• 1 teaspoon Siracha chili sauce
  1. Combine all of the ingredients in a small bowl.
  2. Serve at room temperature or chilled.
  3. The salsa will keep for up to 2 days in the refrigerator.

Serve the grilled halibut over the basmati rice with the coconut curry sauce spooned over all and a tablespoon or two of the tomato salsa on the side.


Learn how to create magic in your own gardens and kitchens using everyday ingredients, minimal gadgets, and very little fancy equipment. It’s easier than you think with tips and tricks from the Kitchen Witch!

Lyndsay Wells is a professional trainer, writer, and program developer with a passion for food and cooking. She is an award winning recipe developer, and a website ambassador for Kraft Foods Canada. Lyndsay believes cooking should be approachable and easy and has great tips and ideas for putting together sophisticated looking dishes that cooks of all levels can accomplish.

Visit her daily on her blog, The Kitchen Witch or on her YouTube Channel, CHARMED With The Kitchen Witch.

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  1. The West Coast has a plethora of abundant seafood. We would never be bored.

  2. I think I might have been Thai in another life, because I love Thai food that much. Your Halibut recipe looks delicious and I will have to try your cedar planked maple salmon too.

    1. One of these days you and I are going to have to meet and have lunch :-)

  3. Saving the best til last... I knew I would need more time to read your post, Lyndsay. I am always in awe of what we really do have in common - or had, in common. You took the leap and are living your dream on the island. i have a great life, but to really take on such a change... well, not quite that brave, yet. Being an RCMP officer was also on my list in high school Women were just allowed to join the force at the time...I didn't do it, but seriously investigated it. And, I have just written to my mom asking about the Moody's who are friends of ours. They live in Seattle, and are cousins of my mom's. Wonder if there is a connection there, but will check it out. Halibut and Cod are the king of white fish... how would you describe the difference between the two?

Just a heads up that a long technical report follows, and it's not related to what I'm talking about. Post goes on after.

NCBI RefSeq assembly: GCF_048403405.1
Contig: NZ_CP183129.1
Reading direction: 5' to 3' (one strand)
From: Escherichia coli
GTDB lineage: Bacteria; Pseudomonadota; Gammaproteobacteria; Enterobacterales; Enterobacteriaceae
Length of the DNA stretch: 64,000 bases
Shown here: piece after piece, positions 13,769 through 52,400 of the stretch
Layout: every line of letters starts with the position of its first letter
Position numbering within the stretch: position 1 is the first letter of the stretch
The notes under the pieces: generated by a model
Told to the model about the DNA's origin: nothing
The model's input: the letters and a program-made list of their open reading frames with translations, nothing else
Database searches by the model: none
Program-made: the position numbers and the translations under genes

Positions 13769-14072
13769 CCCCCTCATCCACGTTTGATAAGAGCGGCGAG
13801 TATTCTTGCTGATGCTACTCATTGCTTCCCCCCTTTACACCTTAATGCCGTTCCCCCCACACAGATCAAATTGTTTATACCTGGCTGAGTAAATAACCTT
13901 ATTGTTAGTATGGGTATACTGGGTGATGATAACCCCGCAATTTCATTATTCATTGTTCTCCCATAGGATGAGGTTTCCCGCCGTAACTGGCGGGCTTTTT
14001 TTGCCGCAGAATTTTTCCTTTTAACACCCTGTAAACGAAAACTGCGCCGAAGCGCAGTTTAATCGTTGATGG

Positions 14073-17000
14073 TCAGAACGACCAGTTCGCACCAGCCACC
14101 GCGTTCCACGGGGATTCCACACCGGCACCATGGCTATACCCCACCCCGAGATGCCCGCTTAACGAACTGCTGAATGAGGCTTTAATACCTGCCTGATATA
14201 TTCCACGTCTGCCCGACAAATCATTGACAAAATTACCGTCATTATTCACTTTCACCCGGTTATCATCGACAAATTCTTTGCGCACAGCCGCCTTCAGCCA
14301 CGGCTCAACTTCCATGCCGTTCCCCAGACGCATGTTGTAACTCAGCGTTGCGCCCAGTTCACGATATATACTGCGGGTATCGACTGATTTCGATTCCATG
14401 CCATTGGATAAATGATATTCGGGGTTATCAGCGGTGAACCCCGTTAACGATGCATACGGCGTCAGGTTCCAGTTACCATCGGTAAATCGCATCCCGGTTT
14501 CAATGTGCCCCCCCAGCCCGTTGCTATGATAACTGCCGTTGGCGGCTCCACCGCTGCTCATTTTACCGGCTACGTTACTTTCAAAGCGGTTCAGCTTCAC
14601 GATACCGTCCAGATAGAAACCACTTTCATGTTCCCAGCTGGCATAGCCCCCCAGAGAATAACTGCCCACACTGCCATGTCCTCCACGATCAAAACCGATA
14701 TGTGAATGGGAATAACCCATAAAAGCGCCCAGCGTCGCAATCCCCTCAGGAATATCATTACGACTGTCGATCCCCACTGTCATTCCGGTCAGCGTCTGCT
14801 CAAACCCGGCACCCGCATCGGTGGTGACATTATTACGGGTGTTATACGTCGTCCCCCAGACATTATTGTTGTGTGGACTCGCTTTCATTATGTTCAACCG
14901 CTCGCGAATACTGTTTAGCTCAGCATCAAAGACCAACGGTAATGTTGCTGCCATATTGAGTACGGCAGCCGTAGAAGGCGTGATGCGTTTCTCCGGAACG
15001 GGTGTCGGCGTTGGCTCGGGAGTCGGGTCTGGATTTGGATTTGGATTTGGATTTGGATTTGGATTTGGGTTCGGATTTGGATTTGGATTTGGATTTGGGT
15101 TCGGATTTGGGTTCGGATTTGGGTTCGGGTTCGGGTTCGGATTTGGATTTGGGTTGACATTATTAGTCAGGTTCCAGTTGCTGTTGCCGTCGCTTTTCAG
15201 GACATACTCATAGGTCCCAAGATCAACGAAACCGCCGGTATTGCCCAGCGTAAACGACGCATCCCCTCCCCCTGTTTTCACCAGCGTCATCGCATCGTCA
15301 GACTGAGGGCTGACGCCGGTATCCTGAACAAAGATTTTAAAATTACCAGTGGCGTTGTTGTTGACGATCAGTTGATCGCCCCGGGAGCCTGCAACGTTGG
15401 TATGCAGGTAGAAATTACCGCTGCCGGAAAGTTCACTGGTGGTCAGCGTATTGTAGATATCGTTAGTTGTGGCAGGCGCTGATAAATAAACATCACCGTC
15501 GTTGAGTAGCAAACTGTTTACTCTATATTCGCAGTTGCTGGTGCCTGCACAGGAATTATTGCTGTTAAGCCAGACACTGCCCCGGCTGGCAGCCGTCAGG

Love your recipe and seeing the photos of your lovely home.

    1. Wouldn't that be amazing if your Moody's were connected to mine? My grandfather knew everyone so you never know! Helen and Harry will show up a lot in my Canadian Food Experience because they were (and are in spirit) such a beautiful part of my life. As for halibut and cod - halibut is meatier and more substantial than cod. It is mild in flavour but perfect for grilling. Cod sometimes has a bit of grey running through it that, for me, detracts from the taste. Cod is still tasty in a pinch, though. If purchasing, make sure it is Pacific cod as that is sustainable. Atlantic cod and halibut are not.